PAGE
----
Start building up your network of contacts now so you’ll be better prepared after graduation.

For some of us (myself included), this is the last summer that we’ll have as an undergraduate, and possibly the last real “summer” ever. The thought is a little terrifying as we enter our last year of college. The questions start coming in from friends, families, and coworkers– What’s next for you?

Hopefully most of us have a vague idea of what we want to do. Grad school? Straight to a job? Maybe a gap year before grad school? It’s never too early to start thinking about what you want to do after school, even if next year won’t be your senior year. In this three-part post, I’ll offer some good suggestions for you to take as you begin to plan for what comes after your undergraduate degree. Part One will focus on helping you build up your network and contacts to ensure you know the right people in your field of interest. Part Two will help you establish who you are to make you stand out in the applicant crowd. Part Three will suggest things you can do once you actually enter your senior year. 

Seek Advice

Even if you’re just a sophomore or junior, it’s never too early to get advice from the professionals or professors that you admire most. By that time, you will have shown your academic prowess and will probably have an idea of what you might want to do. For soon-to-be seniors though, this is a definite first step that you should take to determining what you want to do. At your internships, ask your boss and coworkers what they did after college. Did they go to grad school right away, after a gap year, or at all? How did they get to the position they are at now? What advice would they have for you? Asking people who work in the industry you hope to break into will give you a better idea of what you should expect and plan for. They will have insights that you can definitely use for your advantage. Additionally, asking them such questions will show that you truly respect their professional views and can help form a mentor-mentee relationship that can really help you in your future career.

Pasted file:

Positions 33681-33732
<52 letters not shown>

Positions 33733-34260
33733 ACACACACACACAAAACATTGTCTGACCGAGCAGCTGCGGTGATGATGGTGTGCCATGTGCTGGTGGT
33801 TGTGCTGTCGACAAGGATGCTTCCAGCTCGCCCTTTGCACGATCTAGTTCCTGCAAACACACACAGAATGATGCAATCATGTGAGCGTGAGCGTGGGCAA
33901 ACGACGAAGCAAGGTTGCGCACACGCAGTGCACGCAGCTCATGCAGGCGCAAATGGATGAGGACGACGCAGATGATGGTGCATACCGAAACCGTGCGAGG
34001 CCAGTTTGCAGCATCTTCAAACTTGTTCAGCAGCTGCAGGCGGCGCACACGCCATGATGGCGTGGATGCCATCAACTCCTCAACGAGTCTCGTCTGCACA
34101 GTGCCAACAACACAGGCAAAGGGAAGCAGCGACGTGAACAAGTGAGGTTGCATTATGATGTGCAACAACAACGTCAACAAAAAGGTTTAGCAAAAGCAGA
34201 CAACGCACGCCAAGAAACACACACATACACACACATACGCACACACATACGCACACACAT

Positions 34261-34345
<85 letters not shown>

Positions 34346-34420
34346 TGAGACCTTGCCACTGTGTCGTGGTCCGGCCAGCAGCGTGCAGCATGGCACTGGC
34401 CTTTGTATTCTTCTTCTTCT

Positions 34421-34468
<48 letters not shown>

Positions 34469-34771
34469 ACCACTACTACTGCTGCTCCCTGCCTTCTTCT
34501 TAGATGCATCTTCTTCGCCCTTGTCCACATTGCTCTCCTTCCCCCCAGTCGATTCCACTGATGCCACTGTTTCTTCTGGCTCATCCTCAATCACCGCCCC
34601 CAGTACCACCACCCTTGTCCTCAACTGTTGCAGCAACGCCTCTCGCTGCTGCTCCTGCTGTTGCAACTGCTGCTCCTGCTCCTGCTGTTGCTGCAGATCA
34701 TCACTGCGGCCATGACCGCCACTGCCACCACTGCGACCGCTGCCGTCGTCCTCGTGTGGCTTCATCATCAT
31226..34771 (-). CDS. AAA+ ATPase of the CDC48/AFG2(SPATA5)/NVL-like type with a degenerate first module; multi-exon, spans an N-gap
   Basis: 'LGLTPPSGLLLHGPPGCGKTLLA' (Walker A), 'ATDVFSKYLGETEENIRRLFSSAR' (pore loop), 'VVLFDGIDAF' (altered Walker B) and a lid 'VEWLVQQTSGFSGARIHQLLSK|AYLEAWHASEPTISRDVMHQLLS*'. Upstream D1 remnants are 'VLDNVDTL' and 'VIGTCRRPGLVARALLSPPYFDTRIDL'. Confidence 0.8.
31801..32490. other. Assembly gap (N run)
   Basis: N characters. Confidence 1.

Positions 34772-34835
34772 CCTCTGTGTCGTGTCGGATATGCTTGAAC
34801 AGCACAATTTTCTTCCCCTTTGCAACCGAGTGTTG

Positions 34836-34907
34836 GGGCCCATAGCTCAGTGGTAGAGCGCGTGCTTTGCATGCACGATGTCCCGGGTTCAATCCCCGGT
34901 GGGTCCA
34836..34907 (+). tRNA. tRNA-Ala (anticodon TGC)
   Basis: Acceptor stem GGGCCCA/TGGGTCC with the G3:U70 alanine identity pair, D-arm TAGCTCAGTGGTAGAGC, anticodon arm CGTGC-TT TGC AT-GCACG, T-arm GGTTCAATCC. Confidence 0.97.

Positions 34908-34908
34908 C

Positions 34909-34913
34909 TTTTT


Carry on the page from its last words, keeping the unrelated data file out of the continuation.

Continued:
Make sure you seek advice from your professors as well. Most professors have very good and often unusual connections with those in their field of study, either other professors or industry professionals. Your professors have seen your work for months and months and have a very good idea of what you are capable of. They will be able to give you recommendations of where you should point yourself in terms of companies, contacts, or even graduate school programs.

Reconnect and Continue Communication

It’s always a good idea to keep in contact with people who you have worked with professionally or even past professors. If you truly enjoyed an internship from a year or two ago, keep communicating with them every so often so that they remember you and so that you have a contact in that specific place. Reconnecting shows that you are a good people-person and capable of taking the initiative of communication. It will also help you form a professional network that you will be able to utilize after graduation to help you land your dream job or graduate school or at least get in contact with another person who can help you get there.

Use Alumni Connection

Get in contact with the alumni chapter of your university to talk to people who have graduated from your school and who work in the industry you’re interested in. Sometimes when I ask my coworkers or boss about their education and professional careers, I’m not always sure that their experience is relatable to mine because they usually have a much more specific degree from a much bigger school. With a broader, more comprehensive degree from a smaller, less-well-known school, I worry that I won’t stand out in an applicant pool. However, because alumni have the same background as you, you’ll be able to get a more realistic idea of what to expect post-graduation in terms of either getting into graduate school or landing a job right out of school.

Alumni are also more likely to help you along in your career or education ambitions because of the connection they’ll feel with you. They can be an incredible helpful source of advice, networking, and even job opportunities.

Look for Part Two of this series to come Wednesday!

What other tips do you have for starting to build up yourself to prepare for senior year? Let us know in the comments!

[via USAToday College and HerCampus]